7 Steps to Take Before an Employee No Longer Works for You
When An Employee Leaves
Whether an employee leaves your company amicably on his or her own terms or after being fired, there are a number of steps businesses should take to ensure their security and, in the end, their prosperity. The departure of an employee is far more critical a moment than when one first joins your team, because a new employee knows nothing about your operation. Conversely, departing employees have cultivated and retained a great deal of knowledge about your business, your competitors, your finances and, most importantly, your client list.
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Even if the departing employee has performed admirably and has shown no signs of hostility during employment, there is no way of knowing for sure how the person will react when it comes time to part ways. To help your company stay safe, we have consolidated 7 key steps to take when an employee departs. Try not to look at these steps as measures to take for problem employees, but rather as a standard set of rules to follow regardless of who the departing employee is and what kind of employment record he or she had with your business.
Issue a Final Paycheck
All departing employees must be issued a final paycheck, but when they must receive it depends on your state's laws. In some states, an employee's final paycheck must be issued on the last day of work; in other states, the final paycheck may still follow the usual payroll cycle. There is also the matter of accrued unused vacation time, which may need to be included in the final paycheck. After payroll has cut the employee's final paycheck, have the accounting clerk remove the person's name from your payroll files.
Collect Company Property
Do not let departing employees walk out of the door for the last time while still in possession of a company car, keys, security cards, company credit cards, computers, cell phones, company manuals or any confidential material. While this may seem obvious, it is very easy to forget these items when you trust certain employees.
Cancel Credit and Phone Cards
In addition to collecting company credit cards and phone cards, as mentioned above, you should also cancel them. An employee could have easily copied down the cards' information for personal use, and since there is no way of knowing whether this was done, the best course of action is to cancel those cards.
Deactivate Logins and Passcodes
An employee's departure is always a matter of security, and one of the chief security concerns is access -- access to the building, access to your technology network, etc. Be sure to disable any personal passwords or entry codes to the building, especially if you use a biometric system. Remove any lingering profiles an employee may have on the network and institute a company-wide password change to anything with a generic login.
Address Confidentiality Policies
This coincides with the collection of company property. Since you cannot take back something intangible like knowledge, it is important that you debrief departing employees. Review any non-disclosure agreements and/or non-compete clauses that you may have arranged with your employees. It is crucial that you make clear their obligations to adhere to those arrangements. We also suggest that you give them a copy of the agreement for future reference.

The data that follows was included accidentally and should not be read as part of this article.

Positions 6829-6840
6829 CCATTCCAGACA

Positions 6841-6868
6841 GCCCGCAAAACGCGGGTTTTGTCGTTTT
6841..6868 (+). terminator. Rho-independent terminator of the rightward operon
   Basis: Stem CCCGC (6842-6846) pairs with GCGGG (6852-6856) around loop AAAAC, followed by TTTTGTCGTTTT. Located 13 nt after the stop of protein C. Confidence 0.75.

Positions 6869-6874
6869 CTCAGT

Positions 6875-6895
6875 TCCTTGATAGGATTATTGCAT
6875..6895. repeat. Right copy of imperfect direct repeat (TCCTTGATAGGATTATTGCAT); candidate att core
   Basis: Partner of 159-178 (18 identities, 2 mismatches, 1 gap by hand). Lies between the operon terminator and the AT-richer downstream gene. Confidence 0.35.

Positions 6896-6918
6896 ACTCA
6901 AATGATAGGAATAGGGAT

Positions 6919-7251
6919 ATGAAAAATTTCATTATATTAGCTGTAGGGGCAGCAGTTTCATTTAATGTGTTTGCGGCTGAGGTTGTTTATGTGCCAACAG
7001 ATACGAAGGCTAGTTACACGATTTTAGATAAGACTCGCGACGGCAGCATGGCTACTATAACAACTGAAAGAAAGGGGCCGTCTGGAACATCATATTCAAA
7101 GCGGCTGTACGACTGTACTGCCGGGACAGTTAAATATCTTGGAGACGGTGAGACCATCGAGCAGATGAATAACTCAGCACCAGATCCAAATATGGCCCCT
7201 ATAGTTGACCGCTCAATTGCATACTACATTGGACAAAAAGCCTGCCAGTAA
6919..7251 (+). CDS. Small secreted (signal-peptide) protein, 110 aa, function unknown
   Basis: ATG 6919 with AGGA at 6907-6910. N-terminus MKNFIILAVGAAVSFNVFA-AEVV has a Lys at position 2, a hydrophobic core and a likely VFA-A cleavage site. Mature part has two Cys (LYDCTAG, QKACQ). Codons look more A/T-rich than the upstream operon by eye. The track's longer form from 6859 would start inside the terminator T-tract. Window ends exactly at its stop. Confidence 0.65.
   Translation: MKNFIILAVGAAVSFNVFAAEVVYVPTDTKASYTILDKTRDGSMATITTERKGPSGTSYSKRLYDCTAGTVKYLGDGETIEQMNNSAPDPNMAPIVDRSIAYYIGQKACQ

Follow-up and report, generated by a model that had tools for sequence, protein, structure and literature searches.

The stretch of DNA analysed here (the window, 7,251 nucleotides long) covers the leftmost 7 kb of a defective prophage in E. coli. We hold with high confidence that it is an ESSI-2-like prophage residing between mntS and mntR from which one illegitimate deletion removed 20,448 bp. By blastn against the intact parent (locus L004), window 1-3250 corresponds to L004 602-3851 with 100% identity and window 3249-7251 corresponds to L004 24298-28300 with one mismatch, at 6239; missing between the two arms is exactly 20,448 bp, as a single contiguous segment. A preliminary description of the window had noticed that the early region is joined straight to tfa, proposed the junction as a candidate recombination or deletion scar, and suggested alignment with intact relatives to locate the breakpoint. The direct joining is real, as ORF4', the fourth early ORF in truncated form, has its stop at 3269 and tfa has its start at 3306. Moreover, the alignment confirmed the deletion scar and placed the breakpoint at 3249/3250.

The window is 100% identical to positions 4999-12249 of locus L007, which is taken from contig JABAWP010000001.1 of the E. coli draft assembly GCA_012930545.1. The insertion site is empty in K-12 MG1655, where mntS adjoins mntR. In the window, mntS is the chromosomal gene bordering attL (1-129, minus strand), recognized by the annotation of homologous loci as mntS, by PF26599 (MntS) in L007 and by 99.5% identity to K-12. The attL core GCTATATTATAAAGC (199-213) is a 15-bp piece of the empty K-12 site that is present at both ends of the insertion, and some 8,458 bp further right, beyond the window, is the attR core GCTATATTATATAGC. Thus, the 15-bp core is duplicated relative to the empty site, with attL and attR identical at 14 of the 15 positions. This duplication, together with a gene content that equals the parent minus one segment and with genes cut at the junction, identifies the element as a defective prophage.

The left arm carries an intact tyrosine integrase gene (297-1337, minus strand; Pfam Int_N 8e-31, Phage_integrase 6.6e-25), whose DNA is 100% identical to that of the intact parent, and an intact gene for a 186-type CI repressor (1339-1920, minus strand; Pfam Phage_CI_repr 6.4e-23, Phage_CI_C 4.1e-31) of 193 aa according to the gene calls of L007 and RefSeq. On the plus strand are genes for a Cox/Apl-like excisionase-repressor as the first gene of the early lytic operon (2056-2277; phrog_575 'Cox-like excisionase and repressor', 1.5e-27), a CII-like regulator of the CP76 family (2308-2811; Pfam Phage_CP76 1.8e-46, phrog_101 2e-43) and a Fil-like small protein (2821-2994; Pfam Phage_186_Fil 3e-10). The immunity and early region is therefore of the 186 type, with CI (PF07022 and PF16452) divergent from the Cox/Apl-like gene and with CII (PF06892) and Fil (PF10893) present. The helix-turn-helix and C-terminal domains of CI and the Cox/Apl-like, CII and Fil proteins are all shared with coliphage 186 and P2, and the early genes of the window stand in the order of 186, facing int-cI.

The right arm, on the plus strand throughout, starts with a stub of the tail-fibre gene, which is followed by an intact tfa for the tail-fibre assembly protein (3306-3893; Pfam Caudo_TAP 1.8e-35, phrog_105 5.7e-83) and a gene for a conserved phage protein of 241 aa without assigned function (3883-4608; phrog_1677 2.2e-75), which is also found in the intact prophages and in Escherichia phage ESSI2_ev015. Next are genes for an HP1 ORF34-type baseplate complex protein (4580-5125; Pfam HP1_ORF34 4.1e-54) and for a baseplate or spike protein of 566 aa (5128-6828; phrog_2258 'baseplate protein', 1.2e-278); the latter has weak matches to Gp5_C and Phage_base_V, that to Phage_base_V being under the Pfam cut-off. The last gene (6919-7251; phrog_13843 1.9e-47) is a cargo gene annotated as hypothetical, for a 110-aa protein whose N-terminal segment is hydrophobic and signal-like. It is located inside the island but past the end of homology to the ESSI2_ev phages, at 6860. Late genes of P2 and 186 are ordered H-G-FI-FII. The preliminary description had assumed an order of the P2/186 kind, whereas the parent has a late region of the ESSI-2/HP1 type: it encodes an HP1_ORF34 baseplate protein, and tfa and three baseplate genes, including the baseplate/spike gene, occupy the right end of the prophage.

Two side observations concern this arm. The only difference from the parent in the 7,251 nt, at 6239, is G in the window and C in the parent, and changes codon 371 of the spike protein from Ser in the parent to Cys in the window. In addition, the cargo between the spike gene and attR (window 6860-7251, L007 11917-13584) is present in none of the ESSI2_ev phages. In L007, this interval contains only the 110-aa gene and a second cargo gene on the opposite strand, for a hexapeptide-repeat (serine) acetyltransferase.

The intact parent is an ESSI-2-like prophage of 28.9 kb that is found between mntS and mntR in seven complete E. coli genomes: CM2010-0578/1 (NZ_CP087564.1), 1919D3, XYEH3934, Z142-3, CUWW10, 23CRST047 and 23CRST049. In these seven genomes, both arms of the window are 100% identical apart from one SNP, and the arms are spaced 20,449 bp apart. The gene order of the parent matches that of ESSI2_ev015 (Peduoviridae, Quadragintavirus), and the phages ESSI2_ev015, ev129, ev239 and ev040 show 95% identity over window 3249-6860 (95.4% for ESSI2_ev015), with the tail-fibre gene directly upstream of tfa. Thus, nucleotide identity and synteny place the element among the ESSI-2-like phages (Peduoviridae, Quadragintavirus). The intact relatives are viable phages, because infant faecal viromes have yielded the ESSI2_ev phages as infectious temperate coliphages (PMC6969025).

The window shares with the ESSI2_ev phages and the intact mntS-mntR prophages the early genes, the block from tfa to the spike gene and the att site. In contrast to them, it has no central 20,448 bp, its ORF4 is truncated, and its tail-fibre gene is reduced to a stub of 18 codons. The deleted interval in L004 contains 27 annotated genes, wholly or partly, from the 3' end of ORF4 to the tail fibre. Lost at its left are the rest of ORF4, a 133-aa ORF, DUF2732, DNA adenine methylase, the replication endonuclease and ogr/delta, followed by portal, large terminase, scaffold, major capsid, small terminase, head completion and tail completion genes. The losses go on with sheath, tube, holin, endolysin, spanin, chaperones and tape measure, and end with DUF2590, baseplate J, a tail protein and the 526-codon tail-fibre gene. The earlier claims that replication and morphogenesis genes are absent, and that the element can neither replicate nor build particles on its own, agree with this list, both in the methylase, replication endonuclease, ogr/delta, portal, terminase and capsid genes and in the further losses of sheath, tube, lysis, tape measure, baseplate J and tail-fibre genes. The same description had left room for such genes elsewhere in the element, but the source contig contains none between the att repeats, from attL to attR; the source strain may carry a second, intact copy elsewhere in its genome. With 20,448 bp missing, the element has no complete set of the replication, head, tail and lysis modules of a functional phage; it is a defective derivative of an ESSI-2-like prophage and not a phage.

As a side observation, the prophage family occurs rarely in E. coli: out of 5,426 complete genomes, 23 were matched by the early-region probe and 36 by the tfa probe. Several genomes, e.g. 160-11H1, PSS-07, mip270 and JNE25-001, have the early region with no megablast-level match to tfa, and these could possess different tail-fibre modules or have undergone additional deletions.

Decide Who Will Handle Projects
To make certain that your employee's departure does not affect the company's day-to-day productivity, create a plan that distributes his or her responsibilities among other employees. Also, have the departing employee personally brief these employees, but be cautious about this; it can sometimes be caustic if the person is not leaving on good terms. Make sure that you start this process early in order to give everyone involved enough time to get coordinated on picking up the extra work.
Assign a Point of Contact
Even though an employee is leaving, he or she may still need to communicate with your company for several weeks, especially regarding references. Give the person a point of contact within the company from whom to solicit needed information.
Whether your employee's departure is voluntary or not, you need to remind yourself that the departure is strictly business. Try to keep your emotions in check even though a good friend may be leaving the company. As a reminder, collect the company's property, deactivate all passwords, and debrief the departing employee. These steps will help ensure that your business goes through a seamless transition when employees leave, without any serious hiccups, significant loss or damage incurred.
For more information about how to manage employees leaving your company, contact Carrie Wiegand via email, or Cindy McSwain using her information below.
Senior Vice President
Cindy McSwain leads AGH’s outsourcing services group. Her team provides payroll, accounting, funds disbursement, controller, and other financial outsourcing services to numerous clients throughout the U.S. Prior to directing the outsourcing group, Cindy served AGH’s audit clients for 10 years, working with a wide range of middle-market, closely held and family-owned clients.
Her current clients cross many industry sectors, including manufacturing, distribution, restaurants, retailers, medical, and not-for-profit. She has participated in numerous SEC filings and public registrations and has experience in mergers and acquisitions. Cindy is a certified public accountant and a member of both the American Institute of Certified Public Accountants and the Kansas Society of Certified Public Accountants.
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